If “Not Giving Up” by Pleasure Pill sounds more refined than most bands’ third songs, there’s a good reason for that. Even if they’re technically “new,” the San Diego quintet has been around the local and regional punk and indie scene for a decade at this point — in different bands.

Lead singer Jonah Paz put the group together after cutting his teeth with DIY bands, bringing in his brother and rhythm guitarist, Ethan Paz, longtime friends Luke Blake (lead guitar) and Ivan Delgado (bass), and Dom Friedly on drums. The outcome was a cleaner, catchier, and more professional group than anything that any of them had ever played on before — and thus with a ceiling that they hadn’t even dreamed of.

“The transition into a band for us was pretty smooth, because we all knew the way things work in a band,” Paz says. “I had a good chunk of the songs ready before we were even a band. I think we all just realized that the songs were of a different caliber than the other stuff that we’d been a part of, so why not give it the attention that it needs?”

“We really put our heart and soul into rehearsing these songs, so I’m super psyched about how they’ve come out,” Blake adds. “I think it’s the moment in our music careers that we’re all most proud of and feel the most confident about, just because we know how good it is. We’ve all been playing music for over 10 years in many bands, but this is definitely the thing we’re most excited about.”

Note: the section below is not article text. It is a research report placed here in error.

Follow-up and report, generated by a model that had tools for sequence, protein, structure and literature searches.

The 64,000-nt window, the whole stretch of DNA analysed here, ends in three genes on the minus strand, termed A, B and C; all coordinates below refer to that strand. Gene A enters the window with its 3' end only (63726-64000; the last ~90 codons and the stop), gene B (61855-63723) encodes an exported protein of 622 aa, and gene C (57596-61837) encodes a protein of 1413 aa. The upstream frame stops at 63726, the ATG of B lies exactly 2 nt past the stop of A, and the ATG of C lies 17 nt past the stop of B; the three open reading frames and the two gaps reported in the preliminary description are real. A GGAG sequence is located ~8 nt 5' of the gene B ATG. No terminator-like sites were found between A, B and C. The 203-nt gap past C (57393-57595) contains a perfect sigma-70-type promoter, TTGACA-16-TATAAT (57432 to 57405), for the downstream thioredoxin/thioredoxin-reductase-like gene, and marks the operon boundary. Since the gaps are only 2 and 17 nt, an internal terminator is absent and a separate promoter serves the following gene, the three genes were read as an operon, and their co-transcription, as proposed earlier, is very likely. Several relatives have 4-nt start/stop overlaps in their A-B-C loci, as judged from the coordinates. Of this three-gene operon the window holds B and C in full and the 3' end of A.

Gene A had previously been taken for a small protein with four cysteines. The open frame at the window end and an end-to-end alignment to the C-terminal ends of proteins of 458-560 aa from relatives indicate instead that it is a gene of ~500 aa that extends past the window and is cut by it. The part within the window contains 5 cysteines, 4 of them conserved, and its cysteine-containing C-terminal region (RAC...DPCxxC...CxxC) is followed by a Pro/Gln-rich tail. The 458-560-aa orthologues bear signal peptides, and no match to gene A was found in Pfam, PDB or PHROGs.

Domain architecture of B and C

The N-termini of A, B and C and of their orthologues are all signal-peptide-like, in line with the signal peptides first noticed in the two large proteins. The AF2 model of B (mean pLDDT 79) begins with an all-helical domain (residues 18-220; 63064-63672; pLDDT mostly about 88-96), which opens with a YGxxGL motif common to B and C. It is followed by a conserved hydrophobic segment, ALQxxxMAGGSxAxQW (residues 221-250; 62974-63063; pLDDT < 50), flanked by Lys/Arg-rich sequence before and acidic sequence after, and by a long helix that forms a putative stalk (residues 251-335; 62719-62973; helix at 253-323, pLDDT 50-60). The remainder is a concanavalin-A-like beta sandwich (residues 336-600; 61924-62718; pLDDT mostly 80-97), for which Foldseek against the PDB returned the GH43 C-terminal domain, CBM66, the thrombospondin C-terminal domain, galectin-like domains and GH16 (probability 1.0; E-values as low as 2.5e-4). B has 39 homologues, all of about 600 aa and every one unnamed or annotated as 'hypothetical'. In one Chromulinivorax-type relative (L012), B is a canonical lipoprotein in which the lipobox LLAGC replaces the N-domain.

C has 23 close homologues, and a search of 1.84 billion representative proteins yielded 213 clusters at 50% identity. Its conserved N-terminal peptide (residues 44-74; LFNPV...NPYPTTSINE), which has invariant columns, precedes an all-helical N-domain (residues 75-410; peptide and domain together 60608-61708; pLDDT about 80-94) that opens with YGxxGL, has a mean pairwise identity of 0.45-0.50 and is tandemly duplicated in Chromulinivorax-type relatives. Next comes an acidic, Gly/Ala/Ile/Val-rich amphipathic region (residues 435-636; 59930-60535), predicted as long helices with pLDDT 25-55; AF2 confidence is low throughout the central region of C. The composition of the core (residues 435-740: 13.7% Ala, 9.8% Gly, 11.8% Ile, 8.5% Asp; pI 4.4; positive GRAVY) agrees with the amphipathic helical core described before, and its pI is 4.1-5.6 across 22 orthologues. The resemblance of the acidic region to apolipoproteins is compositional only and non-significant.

From a music standpoint, Pleasure Pill is equal parts timeless pop and modern rock. Like a millennial Oasis, that grew up on ‘90s and 2000s punk and indie, tracks like “Not Giving Up” could be played opening stadiums for a band like Coldplay just as easily as they could fill the air of a sweaty smaller venue packed with crowd surfers. There’s a Killers-like feel to Pleasure Pill that suggests its digestible, yet unique, tunes could appeal to widespread audiences regardless of genre or generation.

“We’re just a guitar act with catchy melodies and big choruses at the forefront, and we don’t want to be anything other than that,” Paz says. “We’re just trying to make songs that are undeniable and anthemic. Good art is timeless. We love all the classic rock stuff, but we’re not trying to go out there and be some copycat. We’re not trying to go backward, even though we draw from a lot of those inspirations. We want to be moving forward into new territory a little bit — or at least trying to.”

Pleasure Pill is just getting started. They’re not expecting to instantly break through on the backs of a few strong singles, but everyone involved is also aware that there is potential for something big to happen. As a band that formed at a time when lush touring plans aren’t a guaranteed necessity for every new artist, Pleasure Pill agree that international touring is a target they’re all aiming for in the long run.

“We just want to really tour all over the world and really travel with our music,” Paz says. “We’ve done countless rinky-dink ‘fund up to your own tour’ kind of thing and play basements or whatever. That’s fun and that’s cool — it builds character — but we’re all just ready to be a proper act that’s globally known.”

“We want to reach as many people as possible and go out there and meet all these people,” Blake adds. “We all grew up doing the whole ‘rent a van, go on tour, don’t make any money, play to six people in a basement’ thing. That has its place when you’re 16, but we’re all adults who are committed to this band unlike any other that any of us have ever been in. We’re just trying to go all out, put all our cards on the table and have the biggest outcome possible.”